- King notes that an arm like Max Scherzer could become increasingly appealing to the Yankees as the offseason progresses, and indeed Jon Heyman of CBSSports.com reports that there has been at least “brief contact” between the team and Scott Boras (Scherzer’s agent) since the GM Meetings. New York “may revisit their initial instinct to largely sit this winter out,” per Heyman, who explains that the silence around Scherzer’s market is rather unusual.
Which of this offseason’s free agents are most likely to justify their contracts? It’s hard to say, given that we most big-name free agents haven’t even agreed to terms yet, but Doug Miller polled MLB.com’s writers to compile a list of top free agents, and they think Jon Lester‘s next contract is most likely to turn out to be a good one. Miller notes that contracts for pitchers often go south, but points out that Lester is healthy, left-handed and relatively young, and has been a consistently strong performer. Perhaps the most outside-the-box choice is Andrew Miller at No. 3, the idea being that Miller’s lack of closer status will limit him on the market, perhaps to three years and under $30MM. Here are the latest notes from the American League:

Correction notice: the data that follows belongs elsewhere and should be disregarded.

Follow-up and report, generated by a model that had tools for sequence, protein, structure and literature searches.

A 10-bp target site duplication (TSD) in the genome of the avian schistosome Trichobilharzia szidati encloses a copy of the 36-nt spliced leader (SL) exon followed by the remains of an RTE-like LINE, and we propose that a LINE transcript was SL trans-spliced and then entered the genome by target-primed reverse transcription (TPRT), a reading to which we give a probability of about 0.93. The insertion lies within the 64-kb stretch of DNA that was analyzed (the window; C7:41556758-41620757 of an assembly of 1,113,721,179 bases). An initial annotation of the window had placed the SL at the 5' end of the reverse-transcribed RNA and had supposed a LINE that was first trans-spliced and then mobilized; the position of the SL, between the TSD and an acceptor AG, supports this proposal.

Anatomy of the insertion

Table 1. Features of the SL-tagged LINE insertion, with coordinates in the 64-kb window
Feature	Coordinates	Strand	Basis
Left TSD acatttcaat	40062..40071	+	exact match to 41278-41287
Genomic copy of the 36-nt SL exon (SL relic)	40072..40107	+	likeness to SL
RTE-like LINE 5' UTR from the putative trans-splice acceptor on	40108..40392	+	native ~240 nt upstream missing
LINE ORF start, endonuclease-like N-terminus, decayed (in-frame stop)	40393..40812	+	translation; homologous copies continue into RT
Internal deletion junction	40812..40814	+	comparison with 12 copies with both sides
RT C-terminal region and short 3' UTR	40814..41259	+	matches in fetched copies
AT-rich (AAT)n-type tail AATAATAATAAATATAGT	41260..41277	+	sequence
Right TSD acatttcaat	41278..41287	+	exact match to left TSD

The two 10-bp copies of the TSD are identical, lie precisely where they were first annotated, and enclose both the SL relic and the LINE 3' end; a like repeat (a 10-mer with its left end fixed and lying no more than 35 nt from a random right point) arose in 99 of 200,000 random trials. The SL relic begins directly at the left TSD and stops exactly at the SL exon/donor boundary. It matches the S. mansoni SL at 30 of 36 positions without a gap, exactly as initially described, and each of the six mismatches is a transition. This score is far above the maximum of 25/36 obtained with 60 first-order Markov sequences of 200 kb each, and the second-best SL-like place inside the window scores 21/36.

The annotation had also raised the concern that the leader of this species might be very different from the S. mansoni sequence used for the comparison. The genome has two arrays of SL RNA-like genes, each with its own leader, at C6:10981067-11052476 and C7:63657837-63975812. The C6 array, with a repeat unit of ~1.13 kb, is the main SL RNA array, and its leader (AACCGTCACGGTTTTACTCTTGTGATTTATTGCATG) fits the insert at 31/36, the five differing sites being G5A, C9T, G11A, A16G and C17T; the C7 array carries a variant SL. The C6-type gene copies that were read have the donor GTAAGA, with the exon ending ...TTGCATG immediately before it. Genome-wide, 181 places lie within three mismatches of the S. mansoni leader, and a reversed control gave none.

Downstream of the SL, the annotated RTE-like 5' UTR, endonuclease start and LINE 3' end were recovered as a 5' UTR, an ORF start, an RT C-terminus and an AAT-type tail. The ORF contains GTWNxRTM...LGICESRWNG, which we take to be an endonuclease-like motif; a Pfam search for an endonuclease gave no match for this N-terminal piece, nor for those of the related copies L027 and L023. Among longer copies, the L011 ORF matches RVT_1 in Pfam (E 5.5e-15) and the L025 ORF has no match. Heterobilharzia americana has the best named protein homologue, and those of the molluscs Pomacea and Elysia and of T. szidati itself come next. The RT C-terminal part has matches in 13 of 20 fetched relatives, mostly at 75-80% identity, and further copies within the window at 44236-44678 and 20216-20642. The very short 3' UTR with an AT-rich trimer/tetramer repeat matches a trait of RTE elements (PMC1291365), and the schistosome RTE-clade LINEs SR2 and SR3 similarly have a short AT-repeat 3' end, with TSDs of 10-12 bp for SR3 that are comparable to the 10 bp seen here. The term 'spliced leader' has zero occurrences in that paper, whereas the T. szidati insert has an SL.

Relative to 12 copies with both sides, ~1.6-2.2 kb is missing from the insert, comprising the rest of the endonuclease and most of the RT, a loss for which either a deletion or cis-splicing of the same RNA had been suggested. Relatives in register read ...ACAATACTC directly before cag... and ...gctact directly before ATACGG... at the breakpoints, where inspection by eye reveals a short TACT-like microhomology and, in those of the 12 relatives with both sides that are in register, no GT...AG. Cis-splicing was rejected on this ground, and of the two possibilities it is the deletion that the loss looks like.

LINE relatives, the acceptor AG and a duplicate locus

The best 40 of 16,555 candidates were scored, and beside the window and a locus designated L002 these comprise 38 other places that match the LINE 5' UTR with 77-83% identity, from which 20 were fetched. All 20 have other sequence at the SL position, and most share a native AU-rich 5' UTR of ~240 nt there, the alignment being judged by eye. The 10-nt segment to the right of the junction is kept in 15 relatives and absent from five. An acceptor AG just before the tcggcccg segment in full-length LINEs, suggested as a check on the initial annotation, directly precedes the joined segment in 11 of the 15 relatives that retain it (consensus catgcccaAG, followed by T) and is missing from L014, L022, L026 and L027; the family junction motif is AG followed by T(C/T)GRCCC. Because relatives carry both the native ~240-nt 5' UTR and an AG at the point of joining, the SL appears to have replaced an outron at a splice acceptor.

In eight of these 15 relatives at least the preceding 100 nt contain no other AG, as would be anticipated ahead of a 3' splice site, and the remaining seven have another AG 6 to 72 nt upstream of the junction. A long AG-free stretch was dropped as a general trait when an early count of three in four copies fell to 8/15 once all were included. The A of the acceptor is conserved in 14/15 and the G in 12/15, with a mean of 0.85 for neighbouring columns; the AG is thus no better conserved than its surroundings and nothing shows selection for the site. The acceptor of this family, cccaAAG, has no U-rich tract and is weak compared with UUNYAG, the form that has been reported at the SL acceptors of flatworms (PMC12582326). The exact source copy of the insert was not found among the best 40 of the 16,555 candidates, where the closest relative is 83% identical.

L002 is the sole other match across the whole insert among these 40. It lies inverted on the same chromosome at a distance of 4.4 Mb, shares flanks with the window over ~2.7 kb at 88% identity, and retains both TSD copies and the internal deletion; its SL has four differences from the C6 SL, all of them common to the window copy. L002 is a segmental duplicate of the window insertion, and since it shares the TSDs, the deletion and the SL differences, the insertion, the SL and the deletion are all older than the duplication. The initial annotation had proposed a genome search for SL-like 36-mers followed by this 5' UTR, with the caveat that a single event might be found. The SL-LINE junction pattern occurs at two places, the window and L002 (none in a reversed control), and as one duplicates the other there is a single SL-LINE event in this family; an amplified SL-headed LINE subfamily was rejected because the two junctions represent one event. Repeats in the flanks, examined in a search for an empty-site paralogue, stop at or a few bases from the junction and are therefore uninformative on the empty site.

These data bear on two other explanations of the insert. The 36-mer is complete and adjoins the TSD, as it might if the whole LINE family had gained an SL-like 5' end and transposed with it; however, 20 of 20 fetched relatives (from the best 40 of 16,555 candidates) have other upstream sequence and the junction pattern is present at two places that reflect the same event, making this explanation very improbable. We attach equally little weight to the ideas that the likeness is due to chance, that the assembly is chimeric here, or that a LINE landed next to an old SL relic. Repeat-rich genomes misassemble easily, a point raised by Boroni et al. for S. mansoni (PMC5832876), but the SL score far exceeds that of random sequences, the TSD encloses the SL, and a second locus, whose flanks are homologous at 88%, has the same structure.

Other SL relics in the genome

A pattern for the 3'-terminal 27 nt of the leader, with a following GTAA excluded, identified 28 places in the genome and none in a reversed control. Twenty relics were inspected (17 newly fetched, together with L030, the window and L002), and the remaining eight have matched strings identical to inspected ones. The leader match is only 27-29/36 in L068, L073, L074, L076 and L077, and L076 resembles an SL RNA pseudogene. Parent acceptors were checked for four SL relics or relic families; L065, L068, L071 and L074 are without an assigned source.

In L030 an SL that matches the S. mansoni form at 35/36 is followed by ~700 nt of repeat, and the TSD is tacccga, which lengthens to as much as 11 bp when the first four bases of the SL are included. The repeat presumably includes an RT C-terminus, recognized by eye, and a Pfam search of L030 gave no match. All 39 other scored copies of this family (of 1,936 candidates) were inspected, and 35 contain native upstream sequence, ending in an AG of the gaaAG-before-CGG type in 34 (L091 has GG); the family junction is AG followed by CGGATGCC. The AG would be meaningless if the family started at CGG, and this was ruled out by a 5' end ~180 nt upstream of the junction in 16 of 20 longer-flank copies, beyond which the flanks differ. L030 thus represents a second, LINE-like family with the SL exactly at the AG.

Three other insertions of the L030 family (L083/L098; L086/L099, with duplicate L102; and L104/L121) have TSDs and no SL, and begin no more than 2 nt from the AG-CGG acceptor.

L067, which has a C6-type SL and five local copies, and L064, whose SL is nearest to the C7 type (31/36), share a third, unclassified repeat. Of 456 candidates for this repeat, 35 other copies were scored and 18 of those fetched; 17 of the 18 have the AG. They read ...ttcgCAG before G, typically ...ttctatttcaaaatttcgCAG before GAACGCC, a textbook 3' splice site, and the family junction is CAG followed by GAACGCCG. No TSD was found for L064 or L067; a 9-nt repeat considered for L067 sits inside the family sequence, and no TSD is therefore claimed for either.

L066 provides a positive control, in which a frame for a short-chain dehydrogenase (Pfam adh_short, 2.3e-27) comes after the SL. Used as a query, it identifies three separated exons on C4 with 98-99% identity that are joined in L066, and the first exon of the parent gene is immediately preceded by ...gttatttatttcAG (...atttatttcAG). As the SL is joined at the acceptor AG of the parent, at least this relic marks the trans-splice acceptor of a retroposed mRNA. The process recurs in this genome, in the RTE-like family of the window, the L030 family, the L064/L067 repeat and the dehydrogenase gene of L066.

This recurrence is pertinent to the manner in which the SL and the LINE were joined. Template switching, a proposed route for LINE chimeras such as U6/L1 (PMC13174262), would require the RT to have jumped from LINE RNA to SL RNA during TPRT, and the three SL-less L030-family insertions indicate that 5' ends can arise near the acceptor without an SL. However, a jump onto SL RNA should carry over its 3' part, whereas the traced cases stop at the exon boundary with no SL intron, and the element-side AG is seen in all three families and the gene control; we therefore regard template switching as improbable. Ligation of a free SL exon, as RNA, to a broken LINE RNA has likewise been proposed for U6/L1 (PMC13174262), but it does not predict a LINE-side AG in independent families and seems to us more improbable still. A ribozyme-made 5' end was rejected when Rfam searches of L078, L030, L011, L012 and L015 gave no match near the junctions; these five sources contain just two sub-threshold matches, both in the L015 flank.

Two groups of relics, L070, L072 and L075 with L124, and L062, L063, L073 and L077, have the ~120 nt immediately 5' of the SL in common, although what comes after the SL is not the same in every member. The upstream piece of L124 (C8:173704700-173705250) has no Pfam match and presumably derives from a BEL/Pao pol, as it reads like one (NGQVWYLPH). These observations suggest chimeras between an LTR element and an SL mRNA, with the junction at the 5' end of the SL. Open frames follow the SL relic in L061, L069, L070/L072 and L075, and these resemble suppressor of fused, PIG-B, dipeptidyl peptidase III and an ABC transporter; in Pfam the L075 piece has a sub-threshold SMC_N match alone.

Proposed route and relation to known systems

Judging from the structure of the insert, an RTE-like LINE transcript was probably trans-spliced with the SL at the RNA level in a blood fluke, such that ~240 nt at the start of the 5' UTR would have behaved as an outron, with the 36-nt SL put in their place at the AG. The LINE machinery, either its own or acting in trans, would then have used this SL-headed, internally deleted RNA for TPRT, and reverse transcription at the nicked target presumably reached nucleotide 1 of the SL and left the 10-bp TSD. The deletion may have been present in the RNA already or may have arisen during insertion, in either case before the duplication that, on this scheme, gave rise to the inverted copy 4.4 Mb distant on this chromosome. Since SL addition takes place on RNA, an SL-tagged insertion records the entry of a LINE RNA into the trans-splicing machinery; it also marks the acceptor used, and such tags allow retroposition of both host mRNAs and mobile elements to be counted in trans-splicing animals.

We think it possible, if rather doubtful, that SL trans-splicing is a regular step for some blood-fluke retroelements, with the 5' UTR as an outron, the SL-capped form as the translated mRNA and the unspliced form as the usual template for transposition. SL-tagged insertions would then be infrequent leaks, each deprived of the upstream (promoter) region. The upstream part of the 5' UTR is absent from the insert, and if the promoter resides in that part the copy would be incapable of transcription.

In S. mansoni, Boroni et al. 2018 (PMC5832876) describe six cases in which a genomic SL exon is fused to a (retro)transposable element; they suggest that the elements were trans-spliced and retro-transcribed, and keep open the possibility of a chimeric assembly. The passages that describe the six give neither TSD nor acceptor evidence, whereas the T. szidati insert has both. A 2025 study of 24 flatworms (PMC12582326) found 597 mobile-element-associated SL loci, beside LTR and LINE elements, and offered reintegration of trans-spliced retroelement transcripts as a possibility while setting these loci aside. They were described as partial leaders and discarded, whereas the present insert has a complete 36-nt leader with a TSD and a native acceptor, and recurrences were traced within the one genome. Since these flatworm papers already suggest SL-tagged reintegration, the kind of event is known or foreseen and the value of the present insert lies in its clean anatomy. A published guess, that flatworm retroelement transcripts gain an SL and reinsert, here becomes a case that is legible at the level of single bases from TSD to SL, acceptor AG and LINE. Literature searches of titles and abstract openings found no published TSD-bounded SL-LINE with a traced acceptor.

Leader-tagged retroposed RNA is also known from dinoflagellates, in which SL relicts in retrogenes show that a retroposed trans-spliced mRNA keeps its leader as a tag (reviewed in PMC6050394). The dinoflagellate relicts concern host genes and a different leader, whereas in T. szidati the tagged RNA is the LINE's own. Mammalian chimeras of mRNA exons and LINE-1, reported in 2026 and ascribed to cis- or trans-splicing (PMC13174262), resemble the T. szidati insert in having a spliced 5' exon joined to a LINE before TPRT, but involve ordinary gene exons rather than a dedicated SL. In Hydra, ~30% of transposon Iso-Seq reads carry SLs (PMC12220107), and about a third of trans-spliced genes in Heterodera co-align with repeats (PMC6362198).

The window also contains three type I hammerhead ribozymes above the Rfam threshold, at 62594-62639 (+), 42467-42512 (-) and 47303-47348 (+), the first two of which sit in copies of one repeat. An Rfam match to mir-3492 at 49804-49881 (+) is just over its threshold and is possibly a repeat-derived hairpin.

- Scott Boras told Jim Bowden and Jim Duquette on MLB Network Radio he has not heard anything from the Tigers indicating they are not interested in re-signing Max Scherzer. MLB.com’s Jason Beck has a partial transcript of the interview, including Boras saying he is not worried about the lack of teams linked to Scherzer while implying clubs may sign his client and then open a spot in their rotation by trading another of their starters calling this “a two-step process.”
- Speaking of Scherzer (the top ranked free agent on MLBTR’s Top 50 Free Agents list), the Boston Herald’s Michael Silverman believes the Red Sox should kick those tires because their rotation is in shambles. Lester is the preferred option, according to Silverman, but a trade for Cole Hamels may wind up being the surest route for the Red Sox to get the caliber of starter they need.
- The Tigers have until Thursday to exercise Alex Avila‘s 2015 option, tweets Jon Paul Morosi of FOX Sports. If the Tigers opt for the $200K buyout rather than the $5.4MM option, Morosi notes Avila will remain on their roster because he is still arbitration eligible.